Dear readers,

This is the book about disc golf I have always wanted, the book I needed for 23 years. The book I never thought I would write and the research I should have done many years ago to improve my game significantly.

It has been six years since Zen and the Art of Disc Golf hit the shelves. And I have stated many times; I never thought that book would sell more than five or ten copies. Since 2014, it has sold over 10,000 copies worldwide. In 2016, I released a sequel for the book, Discs & Zen: More Writings on Disc Golf and Life, and in 2018 the books were combined in The Complete Zen Disc Golf. But I had not completed the circle.

Many of you, who have been with me since the beginning, might be asking: where have you been? You went AWOL on us. For that, I apologize. In 2017, the year I started building my own private disc golf course, I was t-boned by a dump truck on the interstate. I was lucky that I was not killed, but I sustained two major injuries, one to my throwing hand and the other to my brain. For months, I not only underwent physical therapy to regain the use of my right hand, but my traumatic brain injury made it difficult to think, write, and even remember basic things. This was a scary time for my family and me. It took me about a year to string words together as I used to, and I am still trying to get my throw back (at least that’s my excuse on any miss cue). Later that year, my son, Bryce, was diagnosed with Autism. While we are blessed with a healthy and happy boy, our priorities over the past few years have been him and making sure that he has all the resources he needs. This has also been an uphill battle. That’s where I have been, but I digress…

Two books about disc golf’s mental and spiritual side and many have asked when a third book would be out. In the past, I have laughed, probably never. How does a person write so much about one topic? Then it hit me, even though I talked about it extensively on the 30 episodes of The Zen Disc Golf Podcast from 2014-2015, I had not written anything about the physical side of disc golf at all. As a matter of fact, I shot myself in the foot in the first book, saying that it could not be done, and I would not be the one to do it.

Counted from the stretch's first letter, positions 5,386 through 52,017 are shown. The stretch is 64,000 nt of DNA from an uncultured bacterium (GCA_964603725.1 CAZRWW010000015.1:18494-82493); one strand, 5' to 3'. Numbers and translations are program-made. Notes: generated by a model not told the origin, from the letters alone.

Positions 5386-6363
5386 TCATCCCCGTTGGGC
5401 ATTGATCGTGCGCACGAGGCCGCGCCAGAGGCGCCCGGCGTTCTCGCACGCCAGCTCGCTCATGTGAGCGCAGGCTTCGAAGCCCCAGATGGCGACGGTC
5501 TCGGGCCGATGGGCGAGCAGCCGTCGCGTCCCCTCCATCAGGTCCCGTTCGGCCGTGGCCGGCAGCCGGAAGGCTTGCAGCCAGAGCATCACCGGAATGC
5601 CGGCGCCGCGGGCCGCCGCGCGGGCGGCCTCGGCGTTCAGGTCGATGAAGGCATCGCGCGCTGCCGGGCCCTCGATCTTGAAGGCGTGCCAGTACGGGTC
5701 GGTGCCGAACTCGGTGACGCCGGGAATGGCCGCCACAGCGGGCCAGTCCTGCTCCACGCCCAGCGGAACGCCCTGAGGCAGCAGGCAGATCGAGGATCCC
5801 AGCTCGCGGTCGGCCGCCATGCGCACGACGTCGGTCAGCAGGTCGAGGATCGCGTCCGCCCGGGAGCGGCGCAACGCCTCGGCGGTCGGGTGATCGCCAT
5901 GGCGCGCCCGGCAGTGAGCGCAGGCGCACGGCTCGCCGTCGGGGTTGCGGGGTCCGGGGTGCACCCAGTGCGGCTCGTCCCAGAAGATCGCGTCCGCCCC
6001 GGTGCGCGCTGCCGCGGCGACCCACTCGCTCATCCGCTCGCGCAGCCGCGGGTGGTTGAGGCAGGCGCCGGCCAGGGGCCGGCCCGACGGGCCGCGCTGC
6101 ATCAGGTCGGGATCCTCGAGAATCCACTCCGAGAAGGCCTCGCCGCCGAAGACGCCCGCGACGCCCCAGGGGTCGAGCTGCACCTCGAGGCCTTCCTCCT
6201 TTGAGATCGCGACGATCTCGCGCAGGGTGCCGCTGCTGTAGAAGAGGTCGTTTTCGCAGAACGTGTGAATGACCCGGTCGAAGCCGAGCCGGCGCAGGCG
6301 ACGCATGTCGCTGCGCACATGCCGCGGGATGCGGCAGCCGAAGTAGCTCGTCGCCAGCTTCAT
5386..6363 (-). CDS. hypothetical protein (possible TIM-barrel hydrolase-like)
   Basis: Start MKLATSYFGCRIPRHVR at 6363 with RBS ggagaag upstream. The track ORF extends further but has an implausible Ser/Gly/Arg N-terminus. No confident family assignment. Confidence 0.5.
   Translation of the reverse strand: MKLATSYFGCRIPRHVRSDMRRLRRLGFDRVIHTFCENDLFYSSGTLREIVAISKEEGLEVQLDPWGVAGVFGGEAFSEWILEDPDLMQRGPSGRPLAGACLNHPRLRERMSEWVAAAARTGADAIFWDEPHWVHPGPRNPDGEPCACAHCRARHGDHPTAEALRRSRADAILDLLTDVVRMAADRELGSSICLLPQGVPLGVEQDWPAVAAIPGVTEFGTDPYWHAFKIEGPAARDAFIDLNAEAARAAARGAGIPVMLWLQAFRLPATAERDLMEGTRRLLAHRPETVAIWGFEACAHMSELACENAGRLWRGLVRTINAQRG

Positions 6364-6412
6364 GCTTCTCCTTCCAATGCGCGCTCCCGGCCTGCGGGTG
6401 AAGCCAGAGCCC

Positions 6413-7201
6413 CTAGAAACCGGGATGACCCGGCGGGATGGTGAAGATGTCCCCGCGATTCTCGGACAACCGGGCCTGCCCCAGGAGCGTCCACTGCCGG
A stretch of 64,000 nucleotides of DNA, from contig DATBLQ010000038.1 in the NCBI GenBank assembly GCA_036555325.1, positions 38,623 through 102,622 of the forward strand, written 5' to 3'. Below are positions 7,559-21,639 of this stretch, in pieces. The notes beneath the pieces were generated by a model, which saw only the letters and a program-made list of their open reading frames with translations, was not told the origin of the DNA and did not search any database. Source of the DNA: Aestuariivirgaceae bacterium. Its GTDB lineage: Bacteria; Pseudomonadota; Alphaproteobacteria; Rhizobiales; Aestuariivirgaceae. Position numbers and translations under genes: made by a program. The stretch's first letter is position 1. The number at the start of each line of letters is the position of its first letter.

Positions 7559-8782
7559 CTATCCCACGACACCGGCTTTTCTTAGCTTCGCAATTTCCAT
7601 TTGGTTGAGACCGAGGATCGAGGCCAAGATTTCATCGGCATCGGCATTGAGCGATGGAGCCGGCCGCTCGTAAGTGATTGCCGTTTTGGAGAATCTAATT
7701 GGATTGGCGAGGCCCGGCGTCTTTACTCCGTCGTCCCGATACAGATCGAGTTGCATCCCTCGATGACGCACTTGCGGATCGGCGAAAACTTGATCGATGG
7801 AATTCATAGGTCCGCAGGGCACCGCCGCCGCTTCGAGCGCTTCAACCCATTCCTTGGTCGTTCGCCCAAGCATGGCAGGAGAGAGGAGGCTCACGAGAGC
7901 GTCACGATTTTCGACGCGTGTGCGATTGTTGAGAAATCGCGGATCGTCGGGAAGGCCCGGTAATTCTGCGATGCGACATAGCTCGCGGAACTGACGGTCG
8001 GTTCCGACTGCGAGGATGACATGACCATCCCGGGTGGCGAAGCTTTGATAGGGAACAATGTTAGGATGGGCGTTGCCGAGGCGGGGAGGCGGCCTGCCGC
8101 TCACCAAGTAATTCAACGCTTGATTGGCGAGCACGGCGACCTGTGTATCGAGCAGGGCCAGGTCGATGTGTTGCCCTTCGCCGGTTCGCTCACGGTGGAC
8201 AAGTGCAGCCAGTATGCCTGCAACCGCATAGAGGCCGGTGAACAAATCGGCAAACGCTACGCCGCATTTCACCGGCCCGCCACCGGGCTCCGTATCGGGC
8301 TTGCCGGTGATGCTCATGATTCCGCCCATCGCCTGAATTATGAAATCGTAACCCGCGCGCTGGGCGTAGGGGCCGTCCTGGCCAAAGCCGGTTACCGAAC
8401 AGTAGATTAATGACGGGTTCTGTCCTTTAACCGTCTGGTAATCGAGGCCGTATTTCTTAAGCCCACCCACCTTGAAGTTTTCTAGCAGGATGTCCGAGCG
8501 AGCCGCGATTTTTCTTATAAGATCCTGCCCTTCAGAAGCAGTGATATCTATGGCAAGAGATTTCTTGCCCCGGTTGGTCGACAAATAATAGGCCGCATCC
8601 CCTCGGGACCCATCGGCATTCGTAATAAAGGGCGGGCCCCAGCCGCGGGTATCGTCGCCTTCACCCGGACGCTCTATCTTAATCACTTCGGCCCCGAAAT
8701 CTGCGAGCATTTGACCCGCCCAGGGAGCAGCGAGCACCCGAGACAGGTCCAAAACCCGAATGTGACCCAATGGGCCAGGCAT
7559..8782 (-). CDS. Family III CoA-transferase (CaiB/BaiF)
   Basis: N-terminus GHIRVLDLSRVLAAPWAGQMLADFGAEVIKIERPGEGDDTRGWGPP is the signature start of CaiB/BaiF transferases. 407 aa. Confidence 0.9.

This year, it hit me like a bag of bricks. I am the one to do it, and I am going to do it. No, I am not a professional disc golfer, a disc manufacturer, or a tour director. I’m a dude who has spent most of his life playing this game, and I love to share and write about it. Inevitably anytime you want to do something new, especially when in front of an audience, a little demon pops up on your shoulder and says two things to you: “You are not good enough” and “Who do you think you are?” It doesn’t matter if you are playing in your first tournament, writing a book, starting a podcast, or even submitting an application to work for the PDGA; that’s when you have to swat that little guy off and say, “I am who I am, and that’s good enough for me.”

All demons exorcised, the research began. I wanted this book to be as comprehensive as possible about the physical side of disc golf. I have tried to put as much information as I possibly could into your hand. Data that I wish I had over 20 years ago and much of it I didn’t even have until this year. As I researched and wrote the book, I became excited about what I was learning, and I hope that excitement and joy come across in these pages.

I hope you love reading this book as much as I have loved writing it.

Patrick McCormick

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